The opioid epidemic has been hitting Americans hard for the last few years.
Past drug epidemics have included heroin of the 19070s and the crack cocaine epidemic of the 1980s. But the current epidemic, which has its roots in the 1990s, has taken on a different tone. In particular, areas throughout the “rust belt” region of the United States—Pennsylvania, Ohio, and West Virginia—have been hit hard.
Author Sam Quinones calls these areas a “dream land” because, he says, “To the suburban kids hooked first on pills, heroin fulfilled the dream of the adventures they’d never had in their quiet town.” He continues: “Part of heroin’s new appeal was that it kept them at the edge of a hazardous yet alluring dreamland.”
Opioid addition can come in the form of abusing legal, prescription opioid pills such as Vicodin or OxyContin, or their illicit counterparts such as heroin. Quinones cites other interesting facts bout opiates and their history, including:
- The average age of a person who abuses opioids is 22
- Some prescription opiates include drugs like Vicodin, Percocet, and Lortab
- The first methadone clinic opened in 1970 in New York City
- The first law to regulate opioids was the 1914 Harrison Narcotics Act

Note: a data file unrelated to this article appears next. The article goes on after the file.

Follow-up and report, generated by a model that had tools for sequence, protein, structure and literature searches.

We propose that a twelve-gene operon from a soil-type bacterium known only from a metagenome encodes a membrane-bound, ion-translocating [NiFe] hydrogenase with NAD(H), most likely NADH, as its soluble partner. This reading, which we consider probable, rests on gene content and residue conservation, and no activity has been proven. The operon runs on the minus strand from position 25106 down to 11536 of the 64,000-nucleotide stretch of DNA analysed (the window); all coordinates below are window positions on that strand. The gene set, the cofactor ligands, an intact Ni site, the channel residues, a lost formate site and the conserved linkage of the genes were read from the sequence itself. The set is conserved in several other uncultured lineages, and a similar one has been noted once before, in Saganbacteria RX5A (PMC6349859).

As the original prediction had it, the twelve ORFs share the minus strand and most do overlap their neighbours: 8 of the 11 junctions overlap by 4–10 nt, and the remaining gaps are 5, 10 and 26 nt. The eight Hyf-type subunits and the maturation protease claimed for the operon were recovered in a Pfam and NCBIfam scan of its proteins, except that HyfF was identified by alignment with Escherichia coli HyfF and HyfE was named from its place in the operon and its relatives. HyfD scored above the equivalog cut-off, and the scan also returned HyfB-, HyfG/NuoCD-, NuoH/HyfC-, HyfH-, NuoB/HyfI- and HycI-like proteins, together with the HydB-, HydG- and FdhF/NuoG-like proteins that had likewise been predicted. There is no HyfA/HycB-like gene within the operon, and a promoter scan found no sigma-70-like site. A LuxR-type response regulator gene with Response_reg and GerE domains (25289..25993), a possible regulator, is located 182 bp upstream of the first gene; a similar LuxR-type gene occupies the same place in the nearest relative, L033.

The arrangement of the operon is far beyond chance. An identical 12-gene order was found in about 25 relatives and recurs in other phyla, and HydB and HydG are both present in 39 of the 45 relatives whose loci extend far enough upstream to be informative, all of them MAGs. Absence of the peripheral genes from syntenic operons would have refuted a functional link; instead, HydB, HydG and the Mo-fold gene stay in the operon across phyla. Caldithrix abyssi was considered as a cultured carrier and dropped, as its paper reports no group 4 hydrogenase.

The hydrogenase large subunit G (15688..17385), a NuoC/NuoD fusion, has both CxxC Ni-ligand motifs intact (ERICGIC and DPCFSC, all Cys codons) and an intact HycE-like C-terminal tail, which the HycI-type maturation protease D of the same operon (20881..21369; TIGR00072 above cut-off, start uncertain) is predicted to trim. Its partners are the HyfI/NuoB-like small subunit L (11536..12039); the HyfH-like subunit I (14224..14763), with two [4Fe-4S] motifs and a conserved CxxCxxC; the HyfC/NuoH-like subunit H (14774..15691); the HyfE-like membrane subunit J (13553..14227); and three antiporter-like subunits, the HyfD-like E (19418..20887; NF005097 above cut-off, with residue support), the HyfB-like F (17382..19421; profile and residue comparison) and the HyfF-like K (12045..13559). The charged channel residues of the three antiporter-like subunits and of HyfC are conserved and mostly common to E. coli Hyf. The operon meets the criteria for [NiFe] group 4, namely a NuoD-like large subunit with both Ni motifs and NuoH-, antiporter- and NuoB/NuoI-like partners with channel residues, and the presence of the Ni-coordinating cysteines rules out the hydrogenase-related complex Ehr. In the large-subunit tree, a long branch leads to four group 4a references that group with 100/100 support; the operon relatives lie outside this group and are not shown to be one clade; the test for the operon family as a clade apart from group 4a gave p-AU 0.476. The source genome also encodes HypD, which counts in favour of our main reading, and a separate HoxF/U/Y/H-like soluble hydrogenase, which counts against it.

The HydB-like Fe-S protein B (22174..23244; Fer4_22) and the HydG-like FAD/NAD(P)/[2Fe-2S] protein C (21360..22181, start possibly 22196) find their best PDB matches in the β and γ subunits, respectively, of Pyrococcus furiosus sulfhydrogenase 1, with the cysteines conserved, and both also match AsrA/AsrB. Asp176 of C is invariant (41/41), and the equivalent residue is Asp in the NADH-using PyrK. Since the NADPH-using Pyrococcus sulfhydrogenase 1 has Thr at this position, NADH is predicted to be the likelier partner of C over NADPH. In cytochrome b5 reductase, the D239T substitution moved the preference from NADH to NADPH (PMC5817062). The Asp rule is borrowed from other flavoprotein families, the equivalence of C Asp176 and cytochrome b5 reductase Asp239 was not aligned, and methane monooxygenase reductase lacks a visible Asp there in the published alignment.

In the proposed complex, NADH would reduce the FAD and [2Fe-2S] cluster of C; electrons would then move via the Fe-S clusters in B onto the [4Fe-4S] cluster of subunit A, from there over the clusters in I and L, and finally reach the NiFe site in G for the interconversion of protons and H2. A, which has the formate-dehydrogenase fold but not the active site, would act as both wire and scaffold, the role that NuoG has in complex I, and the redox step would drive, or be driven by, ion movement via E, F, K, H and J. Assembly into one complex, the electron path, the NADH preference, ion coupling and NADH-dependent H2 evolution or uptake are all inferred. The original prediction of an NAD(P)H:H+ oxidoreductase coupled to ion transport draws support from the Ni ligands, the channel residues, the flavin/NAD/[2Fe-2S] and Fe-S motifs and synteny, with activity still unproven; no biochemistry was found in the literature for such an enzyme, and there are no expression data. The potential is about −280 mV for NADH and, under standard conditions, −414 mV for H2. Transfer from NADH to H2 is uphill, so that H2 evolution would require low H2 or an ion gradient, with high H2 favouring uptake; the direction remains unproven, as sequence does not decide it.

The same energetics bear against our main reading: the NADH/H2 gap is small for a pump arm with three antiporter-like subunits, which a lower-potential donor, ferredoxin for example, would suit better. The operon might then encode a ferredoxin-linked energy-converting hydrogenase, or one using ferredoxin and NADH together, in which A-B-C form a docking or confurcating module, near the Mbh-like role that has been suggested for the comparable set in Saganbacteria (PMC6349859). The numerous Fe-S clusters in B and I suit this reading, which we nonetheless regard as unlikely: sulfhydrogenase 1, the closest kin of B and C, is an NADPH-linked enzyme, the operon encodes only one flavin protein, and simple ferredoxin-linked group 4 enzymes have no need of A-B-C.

- Human civilizations dating back to the Mesopotamians, Assyrians, and Sumerians all grew poppy of which opiates are derived
- In 1853 the wife of Alexander Wood, who invented the hypodermic needle, was the first person to die as a result of an injected opiate overdose
Roughly, 13 Pennsylvanians a day overdoses from opioids, and, in 2008, opiate overdoses overtook motor vehicle accidents as the number one accidental cause of death in the United States. “Heroin was first believed to be non-addictive,” writes Quinones. “Heroin pills were marketed as a remedy for coughs and respiratory ailments.”
In more recent years, among the many anonymous persons who have overdosed, some, such as actor Phillip Seymour Hoffman, who died of an opiate overdose in 2014, is one of the more famous individuals who have succumbed to opiates. In the 1940s and 1950s jazz musicians such as Charlie Parker and Sonny Rollins were at one time addicted to heroin. Others, such as novelist William Burroughs, used heroin and checked himself into a treatment facility to get clean. These are but only a small sample of individuals who had to face opioid addiction.
Unfortunately, the opioid epidemic will most likely not abate for some time. Although substance abuse in general remains problematic, opioid addiction is a problem with no clear solution. That said, however, some treatment options are available for individuals who are facing addiction. Everything from the use of legal maintenance prescription drugs to talk therapy are but some of the interventions that have been used to help individuals struggling with opioid addiction. If you or someone you know has developed an opioid addiction, contact a trained professional to seek assistance.
Quinones, S. (2015). Dreamland: The True Tale of America’s Opiate Epidemic. Bloomsbury Press, New York, NY.